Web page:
How The Media Help Trump Spread His Fake Ukraine Conspiracy

How The Media Help Trump Spread His Fake Ukraine Conspiracy

Reprinted with permission from

Tapped to handle damage control on the stunning revelation that Donald Trump aggressively tried to pressure a foreign country to dig up dirt on his possible 2020 Democratic opponent, Secretary of State Mike Pompeo engaged in reckless bouts of misinformation during appearances on Sunday morning shows yesterday—and the hosts did nothing to stop him. In the process, those hosts joined a growing group of journalists who are leaning on “both sides” and false-equivalence journalism in order to both help Trump smear Democrat Joe Biden and to make it seem as if both men are under a cloud of Ukraine suspicion. (Only one of them is.)

Appearing on CBS’ Face the Nation, Pompeo was gently prompted about whether Trump’s stunning outreach to Ukraine was “inappropriate.” He responded by stressing, “If there was election interference that took place by the vice president, I think the American people deserve to know.” The new allegation, that Biden interfered with elections in 2016, prompted virtually no response from the CBS host, who simply moved on with the interview.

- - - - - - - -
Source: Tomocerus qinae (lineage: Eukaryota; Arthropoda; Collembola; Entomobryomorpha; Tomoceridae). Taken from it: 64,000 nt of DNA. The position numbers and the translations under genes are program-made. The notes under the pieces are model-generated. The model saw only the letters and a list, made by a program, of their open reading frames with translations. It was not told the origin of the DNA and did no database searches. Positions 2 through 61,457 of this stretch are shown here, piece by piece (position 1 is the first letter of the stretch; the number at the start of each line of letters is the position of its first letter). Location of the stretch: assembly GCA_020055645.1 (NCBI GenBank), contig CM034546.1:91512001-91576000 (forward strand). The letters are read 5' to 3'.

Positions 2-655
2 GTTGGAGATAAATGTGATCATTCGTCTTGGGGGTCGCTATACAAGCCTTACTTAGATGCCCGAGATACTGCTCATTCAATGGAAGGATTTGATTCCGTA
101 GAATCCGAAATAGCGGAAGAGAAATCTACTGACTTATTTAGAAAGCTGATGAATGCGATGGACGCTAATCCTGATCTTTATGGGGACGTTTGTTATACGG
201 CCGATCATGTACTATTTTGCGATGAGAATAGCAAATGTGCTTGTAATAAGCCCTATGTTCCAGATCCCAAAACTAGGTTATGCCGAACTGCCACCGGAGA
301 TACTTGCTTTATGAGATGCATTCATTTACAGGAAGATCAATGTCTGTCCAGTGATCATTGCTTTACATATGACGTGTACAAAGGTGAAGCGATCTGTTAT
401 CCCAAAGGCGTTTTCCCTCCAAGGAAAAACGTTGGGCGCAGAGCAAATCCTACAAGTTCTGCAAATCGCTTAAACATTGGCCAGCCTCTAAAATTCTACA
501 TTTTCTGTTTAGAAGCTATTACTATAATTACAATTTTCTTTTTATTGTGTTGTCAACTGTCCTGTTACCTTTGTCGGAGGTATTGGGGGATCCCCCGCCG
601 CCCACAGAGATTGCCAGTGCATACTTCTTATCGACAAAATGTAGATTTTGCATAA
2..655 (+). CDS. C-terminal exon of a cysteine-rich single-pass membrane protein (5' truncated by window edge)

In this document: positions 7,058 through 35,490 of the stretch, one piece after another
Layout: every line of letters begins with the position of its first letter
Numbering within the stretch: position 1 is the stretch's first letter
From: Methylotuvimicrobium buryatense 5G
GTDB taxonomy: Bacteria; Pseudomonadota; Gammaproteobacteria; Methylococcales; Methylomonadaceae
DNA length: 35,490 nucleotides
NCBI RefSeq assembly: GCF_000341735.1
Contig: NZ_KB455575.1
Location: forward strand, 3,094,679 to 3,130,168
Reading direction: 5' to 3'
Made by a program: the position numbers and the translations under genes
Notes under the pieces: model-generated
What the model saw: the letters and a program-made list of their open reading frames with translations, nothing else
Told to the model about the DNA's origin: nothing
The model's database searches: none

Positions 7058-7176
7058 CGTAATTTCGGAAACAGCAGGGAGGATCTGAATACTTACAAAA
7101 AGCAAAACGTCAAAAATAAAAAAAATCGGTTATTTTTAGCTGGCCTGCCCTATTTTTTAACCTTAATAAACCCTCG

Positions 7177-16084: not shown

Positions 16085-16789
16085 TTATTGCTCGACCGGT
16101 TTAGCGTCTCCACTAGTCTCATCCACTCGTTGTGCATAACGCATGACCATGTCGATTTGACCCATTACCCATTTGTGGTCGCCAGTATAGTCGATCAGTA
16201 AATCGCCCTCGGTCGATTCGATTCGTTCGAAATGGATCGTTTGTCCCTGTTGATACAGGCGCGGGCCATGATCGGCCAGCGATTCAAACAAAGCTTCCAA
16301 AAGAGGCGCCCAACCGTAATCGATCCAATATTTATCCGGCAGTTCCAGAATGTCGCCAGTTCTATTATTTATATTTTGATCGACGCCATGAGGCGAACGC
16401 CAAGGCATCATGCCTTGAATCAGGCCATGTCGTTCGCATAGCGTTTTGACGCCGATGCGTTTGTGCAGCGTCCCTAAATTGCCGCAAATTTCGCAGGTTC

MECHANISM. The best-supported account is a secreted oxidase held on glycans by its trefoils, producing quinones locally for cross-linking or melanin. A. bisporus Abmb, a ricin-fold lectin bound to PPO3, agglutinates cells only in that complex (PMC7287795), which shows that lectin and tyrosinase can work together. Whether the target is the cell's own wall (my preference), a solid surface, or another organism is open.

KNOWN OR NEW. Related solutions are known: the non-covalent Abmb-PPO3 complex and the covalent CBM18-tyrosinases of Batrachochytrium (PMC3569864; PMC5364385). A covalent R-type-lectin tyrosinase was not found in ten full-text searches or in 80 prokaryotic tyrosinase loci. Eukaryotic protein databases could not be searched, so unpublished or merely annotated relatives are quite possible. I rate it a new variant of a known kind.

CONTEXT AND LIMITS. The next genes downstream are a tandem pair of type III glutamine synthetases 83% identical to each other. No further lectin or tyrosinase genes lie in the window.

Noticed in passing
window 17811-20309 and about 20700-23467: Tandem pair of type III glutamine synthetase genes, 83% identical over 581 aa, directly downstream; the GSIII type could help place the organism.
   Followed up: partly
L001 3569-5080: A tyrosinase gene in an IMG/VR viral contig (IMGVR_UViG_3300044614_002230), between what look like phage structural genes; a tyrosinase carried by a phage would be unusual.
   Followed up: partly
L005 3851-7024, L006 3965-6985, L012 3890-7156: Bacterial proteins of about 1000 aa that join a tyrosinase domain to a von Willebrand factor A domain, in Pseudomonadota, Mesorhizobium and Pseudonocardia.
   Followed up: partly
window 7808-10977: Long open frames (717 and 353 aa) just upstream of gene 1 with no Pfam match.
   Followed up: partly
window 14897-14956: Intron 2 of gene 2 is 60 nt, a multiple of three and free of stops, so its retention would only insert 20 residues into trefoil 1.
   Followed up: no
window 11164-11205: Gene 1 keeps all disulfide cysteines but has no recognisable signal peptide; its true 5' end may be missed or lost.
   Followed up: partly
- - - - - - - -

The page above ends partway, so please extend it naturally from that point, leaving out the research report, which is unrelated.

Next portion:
Over at ABC’s This Week, Pompeo pushed more baseless attacks: “If Vice President Biden behaved inappropriately, if he was protecting his son and intervened with the Ukrainian leadership in a way that was corrupt, I do think we need to get to the bottom of that.” The response from host Martha Raddatz? “We’ve seen no evidence of that yet.” Rather than pressing Pompeo and the administration to produce a single piece of evidence to support its Biden smear campaign, Raddatz suggested the Biden corruption evidence simply hasn’t been produced “yet.”

Caught red-handed trying to collude for his re-election, Trump is trying to turn the Ukraine story into a problem for a prominent Democrat, and the press is helping. Hapless reporters are helping by not unequivocally stating that the conspiracy theory launched against Biden and his son has already been thoroughly debunked (see herehere, and here). And they’re helping by treating the debunked smear as newsworthy and somehow equivalent to Trump’s egregious colluding.